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Jerold J. Unruh

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The Snake
By Jerold J. Unruh
Friday, May 09, 2008

Rated "PG" by the Author.

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What happens when you awaken from a nap to discover a snake has moved in?

It was a chilly and rainy Sunday afternoon. We had just awakened from a nap and I was downstairs getting ready to start on some work left over from the week before. I was still fairly lethargic and not really fully awake. As I walked into the short hallway leading to the den, I happened to glance down. The black racer, about three feet long, was s-coiled along the baseboard.

My first thought was that I didnít know our son had a rubber snake. I quickly realized this one was real. He was immobile but I could clearly see that he was ready to slither away. I couldnít take my eyes off him because the consequences of losing him in the house sent shudders up and down my spine, along with pictures of me tearing walls down, ripping out ducts, etc. We were in the middle of a kitchen remodel and the guest bedroom was full of boxes of food, utensils, pots, pans, etc. I knew that if the snake made it under the door and into the guestroom, not even four feet in front of where he was already poised to move, I was going to be in real trouble. My wife would never let me rest as long as a three-foot long snake and our one-year old son were in the same house.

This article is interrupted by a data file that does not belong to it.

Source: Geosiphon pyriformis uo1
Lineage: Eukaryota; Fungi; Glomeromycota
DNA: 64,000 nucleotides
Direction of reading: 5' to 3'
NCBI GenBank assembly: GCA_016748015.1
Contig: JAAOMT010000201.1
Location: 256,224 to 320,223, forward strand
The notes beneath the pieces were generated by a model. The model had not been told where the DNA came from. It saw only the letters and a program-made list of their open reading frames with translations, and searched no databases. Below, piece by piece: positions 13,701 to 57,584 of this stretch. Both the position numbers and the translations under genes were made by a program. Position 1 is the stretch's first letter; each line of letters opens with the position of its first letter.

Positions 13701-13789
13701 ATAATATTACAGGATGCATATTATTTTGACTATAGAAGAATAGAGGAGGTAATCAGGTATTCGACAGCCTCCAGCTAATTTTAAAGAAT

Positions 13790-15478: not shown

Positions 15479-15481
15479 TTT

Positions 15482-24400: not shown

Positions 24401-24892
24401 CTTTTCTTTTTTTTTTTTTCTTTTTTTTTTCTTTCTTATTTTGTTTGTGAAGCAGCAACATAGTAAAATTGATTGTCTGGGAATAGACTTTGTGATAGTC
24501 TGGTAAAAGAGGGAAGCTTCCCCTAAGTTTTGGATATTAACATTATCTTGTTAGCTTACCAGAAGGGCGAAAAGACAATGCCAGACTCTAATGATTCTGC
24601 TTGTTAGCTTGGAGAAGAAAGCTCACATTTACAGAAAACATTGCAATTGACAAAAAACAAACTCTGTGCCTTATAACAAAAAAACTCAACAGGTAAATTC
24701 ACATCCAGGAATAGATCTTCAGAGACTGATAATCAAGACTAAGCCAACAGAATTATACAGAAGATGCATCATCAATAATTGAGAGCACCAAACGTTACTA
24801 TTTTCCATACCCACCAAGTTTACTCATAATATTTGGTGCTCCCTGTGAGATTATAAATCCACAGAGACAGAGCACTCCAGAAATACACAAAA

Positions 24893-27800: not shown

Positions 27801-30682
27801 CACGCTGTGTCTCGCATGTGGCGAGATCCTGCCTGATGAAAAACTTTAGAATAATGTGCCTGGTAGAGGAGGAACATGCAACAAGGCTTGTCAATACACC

Now, I have been around snakes my entire life. I have pretended to tolerate them, especially when around those who like to handle them. The truth is that I am deathly afraid of them, especially those that startle me like this one. I have almost never touched a snake, always preferring a long-handled, flat-bladed hoe, or in some circumstances, a shotgun, between any snake and me. At any rate, my wife was almost at the bottom of the stairs at this point and I stopped her by pointing at the floor and saying: ďsnake!Ē

Because the light in the hallway was dim and I needed as much light as I could get, I asked her come down and turn the hallway light on. She seemed a little reluctant but she could turn the light on without actually entering the hallway I was in so she did so. She immediately returned partway back up the stairway so she had the best vantage point and some distance between the snake she couldnít see and herself. She couldnít see the snake because he was behind the wall. As I think back on it now, she may not have really believed that there was a snake at all at that point. Again, not wanting to take my eyes off him, I glanced around and formulated my instant plan.

Armed with a twelve-inch plastic rod from a travel crib and an empty, four cubic-foot cardboard box, I planned to coax the critter into the box by placing the box in front of his head and prodding him on the tail with the rod. He was being fairly cooperative so far, and had not moved at all since I had initially seen him. This level of cooperation resulted in my assuming the snake was more lethargic than I had been up to the jolt of adrenalin caused by seeing the snake to start with. I figured that he would sort of slither into the box and I could close the flaps, carry him outside, and release him into the woods surrounding the house. I want to describe what happened next in two parts, first from my wifeís perspective and then from mine.